In February 2021, the Housing Secretary confirmed that £3.5bn will be committed to pay for the removal of unsafe cladding, adding to the c£1.6bn already invested, as part a wider ‘5-Point Plan’ to tackle the cladding crisis.
The Housing Secretary commented “this is a comprehensive plan to remove unsafe cladding, support leaseholders, restore confidence to this part of the housing market and ensure this situation never arises again”.
Latest Data in respect of remediation
The Ministry of Housing, Communities & Local Government (“MHCLG”) collects building data with a view to “helping the Building Safety Programme make buildings safe and to make people safe from the risk of fire, now and in the future”.
Data is derived from various sources, including discussions with local authorities and responsible stakeholders (including building owners and developers) plus information derived from Building Research Establishment (BRE) tests.
MHCLG’s latest ‘Data Release’, issued on 12 August 2021, identifies that “the total number of buildings identified with ACM cladding systems unlikely to meet Building Regulations is 473”, which includes social sector residential, private sector residential, student accommodation, hotels and publicly owned buildings.
Notably, as of July 2021 93% of identified buildings had either completed or started remediation work to remove and replace unsafe ACM (with 81% deemed to “no longer have unsafe cladding systems”).
The remaining 7% accounts for 33 buildings, 7 of which are understood to be vacant and so do not represent a risk to resident safety.
In respect of funding, MHCLG confirm that 247 buildings are receiving or have received funding in respect of social and private sector ACM cladding remediation. MHCLG “estimate that 13,000 leaseholder dwellings will receive support” through the total £600m allocated by the Social and Private Section ACM Cladding Remediation Funds.
Further, as of 30 June 2021 the Social Sector ACM Remediation Fund’s expenditure stood at £160m, whereas the private sector fund expenditure is £58m. We also note that “enforcement action has been, or is being, taken against at least 62 buildings with ACM cladding”.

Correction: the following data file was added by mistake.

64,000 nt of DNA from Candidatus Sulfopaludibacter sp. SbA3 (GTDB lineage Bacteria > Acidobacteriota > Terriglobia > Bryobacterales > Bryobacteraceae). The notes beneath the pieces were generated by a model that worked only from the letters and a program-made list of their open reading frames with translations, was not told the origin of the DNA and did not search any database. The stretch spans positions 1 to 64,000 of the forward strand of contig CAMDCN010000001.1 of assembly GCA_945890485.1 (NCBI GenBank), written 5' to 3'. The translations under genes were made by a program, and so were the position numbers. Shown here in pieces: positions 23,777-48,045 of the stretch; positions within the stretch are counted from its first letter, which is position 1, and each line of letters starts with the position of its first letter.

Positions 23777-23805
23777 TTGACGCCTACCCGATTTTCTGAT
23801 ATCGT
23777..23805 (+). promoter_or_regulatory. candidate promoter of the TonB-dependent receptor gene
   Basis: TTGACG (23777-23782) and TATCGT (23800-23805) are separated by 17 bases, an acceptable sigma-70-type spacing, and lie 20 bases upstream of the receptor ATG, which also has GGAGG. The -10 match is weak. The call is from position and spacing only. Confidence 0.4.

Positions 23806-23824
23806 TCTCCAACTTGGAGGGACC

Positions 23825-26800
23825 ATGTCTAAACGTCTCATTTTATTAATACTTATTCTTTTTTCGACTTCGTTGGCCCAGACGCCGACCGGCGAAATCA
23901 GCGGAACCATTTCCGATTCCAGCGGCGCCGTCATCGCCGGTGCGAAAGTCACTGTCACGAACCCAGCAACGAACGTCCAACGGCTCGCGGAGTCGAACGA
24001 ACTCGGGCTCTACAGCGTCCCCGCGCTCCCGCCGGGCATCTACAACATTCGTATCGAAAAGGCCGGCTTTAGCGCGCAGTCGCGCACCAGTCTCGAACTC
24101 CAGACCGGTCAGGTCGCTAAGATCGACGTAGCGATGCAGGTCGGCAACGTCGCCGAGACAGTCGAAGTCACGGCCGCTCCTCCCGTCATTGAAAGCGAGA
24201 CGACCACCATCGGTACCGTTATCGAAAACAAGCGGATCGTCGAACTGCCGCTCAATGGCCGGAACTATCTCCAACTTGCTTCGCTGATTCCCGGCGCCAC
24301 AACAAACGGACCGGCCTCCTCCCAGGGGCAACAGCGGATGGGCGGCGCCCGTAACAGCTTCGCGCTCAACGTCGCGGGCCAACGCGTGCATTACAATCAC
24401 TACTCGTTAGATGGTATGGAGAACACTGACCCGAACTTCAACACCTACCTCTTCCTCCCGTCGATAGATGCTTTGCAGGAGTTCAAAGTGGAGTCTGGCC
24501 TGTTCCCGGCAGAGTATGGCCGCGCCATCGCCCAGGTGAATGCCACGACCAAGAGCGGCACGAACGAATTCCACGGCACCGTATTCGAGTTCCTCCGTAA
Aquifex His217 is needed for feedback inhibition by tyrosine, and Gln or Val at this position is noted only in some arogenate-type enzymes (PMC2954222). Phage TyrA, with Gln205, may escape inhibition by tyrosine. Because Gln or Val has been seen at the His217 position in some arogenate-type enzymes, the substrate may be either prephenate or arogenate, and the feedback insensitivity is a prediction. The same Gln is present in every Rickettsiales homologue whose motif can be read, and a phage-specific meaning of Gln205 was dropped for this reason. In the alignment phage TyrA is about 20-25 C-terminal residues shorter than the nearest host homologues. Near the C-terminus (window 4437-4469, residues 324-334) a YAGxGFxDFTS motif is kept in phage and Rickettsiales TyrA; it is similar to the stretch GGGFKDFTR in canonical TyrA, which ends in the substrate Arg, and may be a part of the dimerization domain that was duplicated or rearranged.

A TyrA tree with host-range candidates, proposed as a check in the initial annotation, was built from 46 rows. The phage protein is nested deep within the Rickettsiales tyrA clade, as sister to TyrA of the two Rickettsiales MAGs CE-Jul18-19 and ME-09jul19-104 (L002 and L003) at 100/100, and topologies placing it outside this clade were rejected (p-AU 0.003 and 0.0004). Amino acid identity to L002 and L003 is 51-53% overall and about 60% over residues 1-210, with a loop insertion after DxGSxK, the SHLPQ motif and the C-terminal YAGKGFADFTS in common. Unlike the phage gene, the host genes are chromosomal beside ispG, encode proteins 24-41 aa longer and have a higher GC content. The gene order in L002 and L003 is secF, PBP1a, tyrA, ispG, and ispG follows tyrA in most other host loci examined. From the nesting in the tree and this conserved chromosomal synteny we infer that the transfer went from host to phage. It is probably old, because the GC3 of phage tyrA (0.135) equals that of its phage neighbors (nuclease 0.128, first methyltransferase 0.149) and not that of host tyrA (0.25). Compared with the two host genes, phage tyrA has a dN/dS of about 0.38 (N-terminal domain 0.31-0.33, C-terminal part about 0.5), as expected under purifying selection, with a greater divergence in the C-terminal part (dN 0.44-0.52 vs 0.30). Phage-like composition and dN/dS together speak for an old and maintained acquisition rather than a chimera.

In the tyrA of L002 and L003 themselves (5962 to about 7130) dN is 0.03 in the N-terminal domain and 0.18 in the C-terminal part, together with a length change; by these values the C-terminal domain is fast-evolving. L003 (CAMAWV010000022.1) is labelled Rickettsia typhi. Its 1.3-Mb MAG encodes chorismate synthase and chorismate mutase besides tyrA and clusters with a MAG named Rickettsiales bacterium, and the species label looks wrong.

Whilst the Data Release provides a snapshot of the ACM cladding remediation landscape, it by no means reveals the full picture.
Notably, the data does not provide information on buildings between 11m and 18m which might present a fire safety risk and/or might be subject to the proposed Loan Scheme.
This ‘gap’ in information can only add to the anxiety shared by many leaseholders, who already harbour concern that the Loan Scheme will require legislation before being introduced (with the ‘knock-on’ effect being that any remedial scheme might not be implemented for a matter of years).
As has been widely reported, the CEO of the British Safety Council has commented “…It’s indefensible that the Government has not protected all leaseholders of properties with unsafe cladding from paying the cost of its removal when the fire safety problem was not of their making”.
Stark concerns have been raised by the MHCLG Committee (“the Committee”), who were appointed by the House of Commons to examine the ‘expenditure, administration and policy’ of MHCLG, and who are in part guided by MHCLG’s data.
In addition to highlighting the apparent slow pace of remediation work, particularly in privately owned blocks, the Committee warned within its ‘Cladding Remediation – Follow Up’ report of 26 April 2021 that “…the total cost of full remediation works on all affected buildings could be up to £15bn”.
This is clearly far in excess of the £5.1bn currently allocated and it remains to be seen how such a shortfall might (or could) be addressed by the government.